The character Cligès himself appears in other stories, including in Claris et Laris (Claris and Laris), and in the First Continuation of Chrétien’s Perceval, where the father of Cligès is named King Lac. According to Alison Adams, in the Anglo-Norman octosyllabic Romanz du Reis Yder (Romance of King Yder) Cligès serves Queen Guenloie (Guinevere) until he is expelled from her court after he criticises her love for Yder, but Yder later promises to reconcile them. In Les Merveilles de Rigomer (The Marvels of Rigomer), Cligès hails from Greece and participates in the quest to conquer Rigomer Castle as one of Gawain’s many companions. Giovanna Summerfield tells us that Cligès defeats an undead knight in his own episode.
Written by the mediæval French poet Chrétien de Troyes, the poem tells the story of the knight Cligès and his love for his uncle’s wife, Fenice. The sections related to Arthuriana in some detail tell of the son of the Greek emperor Alexander (also named Alexander) who journeys to Britain to become a knight to King Arthur. This young Alexander gains favour with King Arthur, is knighted, and assists in retaking Windsor Castle. During his time at court, Alexander meets King Arthur’s niece. She and Alexander quickly fall in love, yet neither can tell the other of their mutual feelings. Guinevere takes notice and encourages them to express their love. Once they marry, their child Cligès is born. Later on, like his father, Cligès does well in King Arthur’s court, participates in tournaments, and displays courtly manners. He is knighted and returns home to Greece. Eventually, Cligès goes to Arthur to ask for help to get his kingdom back from his uncle, Alis. In later versions of Cligès, for instance, the Anglo-Norman Romanz du Reis Yder (Romance of King Yder), Cligès serves Queen Guenloie (Guinevere) until he is expelled from her court after he criticises her love for Yder. In Les Merveilles de Rigomer (The Marvels of Rigomer), Cligès participates in the quest to conquer Rigomer Castle as one of Gawain’s many companions.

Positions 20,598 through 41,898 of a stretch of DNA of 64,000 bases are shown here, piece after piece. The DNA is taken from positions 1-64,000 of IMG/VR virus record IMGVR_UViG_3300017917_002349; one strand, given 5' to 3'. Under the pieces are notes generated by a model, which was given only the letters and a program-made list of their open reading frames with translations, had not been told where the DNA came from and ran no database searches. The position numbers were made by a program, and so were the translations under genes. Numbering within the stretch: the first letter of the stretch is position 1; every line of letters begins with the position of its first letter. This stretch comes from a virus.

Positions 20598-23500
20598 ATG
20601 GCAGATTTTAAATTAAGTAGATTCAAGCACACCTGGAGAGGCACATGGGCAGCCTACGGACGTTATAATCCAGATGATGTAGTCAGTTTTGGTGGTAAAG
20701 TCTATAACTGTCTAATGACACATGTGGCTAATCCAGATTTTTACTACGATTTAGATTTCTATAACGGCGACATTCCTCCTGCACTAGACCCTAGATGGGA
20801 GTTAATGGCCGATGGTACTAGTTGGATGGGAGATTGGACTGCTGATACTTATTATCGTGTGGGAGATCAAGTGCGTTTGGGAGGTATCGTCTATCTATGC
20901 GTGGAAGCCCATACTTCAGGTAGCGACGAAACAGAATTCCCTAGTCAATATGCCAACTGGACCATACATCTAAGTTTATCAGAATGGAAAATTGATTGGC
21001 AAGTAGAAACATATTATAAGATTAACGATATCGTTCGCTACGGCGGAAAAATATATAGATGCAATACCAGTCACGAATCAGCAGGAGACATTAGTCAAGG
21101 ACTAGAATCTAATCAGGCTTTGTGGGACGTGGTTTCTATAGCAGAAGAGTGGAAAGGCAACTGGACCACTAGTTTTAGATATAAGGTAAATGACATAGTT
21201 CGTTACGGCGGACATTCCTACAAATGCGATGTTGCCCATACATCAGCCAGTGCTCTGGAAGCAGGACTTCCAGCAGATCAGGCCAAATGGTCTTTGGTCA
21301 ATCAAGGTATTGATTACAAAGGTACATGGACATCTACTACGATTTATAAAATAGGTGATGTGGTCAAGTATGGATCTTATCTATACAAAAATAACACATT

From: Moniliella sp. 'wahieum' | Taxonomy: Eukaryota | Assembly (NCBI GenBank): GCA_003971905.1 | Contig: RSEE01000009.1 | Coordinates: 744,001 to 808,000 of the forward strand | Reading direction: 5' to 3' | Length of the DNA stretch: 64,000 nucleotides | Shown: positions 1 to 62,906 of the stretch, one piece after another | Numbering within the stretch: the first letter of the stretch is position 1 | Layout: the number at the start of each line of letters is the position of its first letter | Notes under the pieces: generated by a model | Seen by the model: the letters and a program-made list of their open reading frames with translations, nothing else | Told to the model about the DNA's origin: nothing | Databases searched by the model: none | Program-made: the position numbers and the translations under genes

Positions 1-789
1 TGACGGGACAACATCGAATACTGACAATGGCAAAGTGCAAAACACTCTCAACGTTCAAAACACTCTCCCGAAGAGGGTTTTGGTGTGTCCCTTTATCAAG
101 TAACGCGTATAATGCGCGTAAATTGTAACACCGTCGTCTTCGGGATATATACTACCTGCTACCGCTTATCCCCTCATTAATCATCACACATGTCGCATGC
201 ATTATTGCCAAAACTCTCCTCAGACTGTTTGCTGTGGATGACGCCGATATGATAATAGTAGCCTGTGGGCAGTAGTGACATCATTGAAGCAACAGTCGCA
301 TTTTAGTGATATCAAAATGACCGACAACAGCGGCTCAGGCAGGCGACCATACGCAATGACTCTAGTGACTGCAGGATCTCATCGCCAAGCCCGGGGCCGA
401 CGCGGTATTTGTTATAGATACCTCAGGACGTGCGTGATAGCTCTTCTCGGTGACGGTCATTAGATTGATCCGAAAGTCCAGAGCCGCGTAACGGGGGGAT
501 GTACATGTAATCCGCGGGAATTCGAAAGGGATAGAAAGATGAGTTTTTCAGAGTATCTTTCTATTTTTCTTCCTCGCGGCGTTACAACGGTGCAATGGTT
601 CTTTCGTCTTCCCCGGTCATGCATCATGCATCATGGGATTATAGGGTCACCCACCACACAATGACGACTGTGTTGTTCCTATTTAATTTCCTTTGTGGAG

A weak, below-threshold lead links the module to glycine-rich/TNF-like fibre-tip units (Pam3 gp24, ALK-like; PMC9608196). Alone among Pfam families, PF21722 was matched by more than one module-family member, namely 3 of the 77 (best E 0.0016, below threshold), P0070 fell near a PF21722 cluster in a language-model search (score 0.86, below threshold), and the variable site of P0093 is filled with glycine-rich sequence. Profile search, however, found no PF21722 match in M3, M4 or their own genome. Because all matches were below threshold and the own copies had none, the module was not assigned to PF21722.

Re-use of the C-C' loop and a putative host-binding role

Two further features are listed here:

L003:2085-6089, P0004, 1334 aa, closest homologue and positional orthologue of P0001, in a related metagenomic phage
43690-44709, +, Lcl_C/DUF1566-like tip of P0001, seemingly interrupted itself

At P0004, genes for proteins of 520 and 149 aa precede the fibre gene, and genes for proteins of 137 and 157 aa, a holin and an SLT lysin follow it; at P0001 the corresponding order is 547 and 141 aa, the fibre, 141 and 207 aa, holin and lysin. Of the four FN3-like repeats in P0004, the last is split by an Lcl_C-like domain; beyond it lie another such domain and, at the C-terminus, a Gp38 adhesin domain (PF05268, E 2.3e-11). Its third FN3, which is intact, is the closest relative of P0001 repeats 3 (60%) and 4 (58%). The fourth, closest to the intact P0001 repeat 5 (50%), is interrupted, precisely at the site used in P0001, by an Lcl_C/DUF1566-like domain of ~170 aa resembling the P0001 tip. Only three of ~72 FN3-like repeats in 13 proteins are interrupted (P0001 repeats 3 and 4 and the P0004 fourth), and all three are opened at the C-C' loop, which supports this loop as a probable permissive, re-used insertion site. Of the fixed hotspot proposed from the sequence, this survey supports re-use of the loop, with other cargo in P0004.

The poem Cligès is somewhat of a reworking of the Tristan and Isolde tale. Even though Cligès shows the ability to master social graces and expressive courtly style, they are without substance. Cligès and Fenice seem to typify courtly chivalric attributes. Yet, at the very core, their actions are immoral. This throws doubt on the value and validity of courtliness. Fenice’s actions are not moral, even though readers are expected to celebrate her happy ending with Cligès. Despite her blissful marriage, in the end, Fenice fails in avoiding Isolde’s reputation. Fenice looks down upon Isolde. Fenice is remembered as a sinner, instead of being remembered as the heroine. So, at its core, Cligès is an “anti” Tristan and Isolde story. Where Cligès and Fenice are going through the motions of their “lustful” actions (still being hollow inside), Tristan and Isolde know full well the solid core reasons for their actions and, in the end, even though they do not have a “happy ending”, they die knowing that their love was true and justified.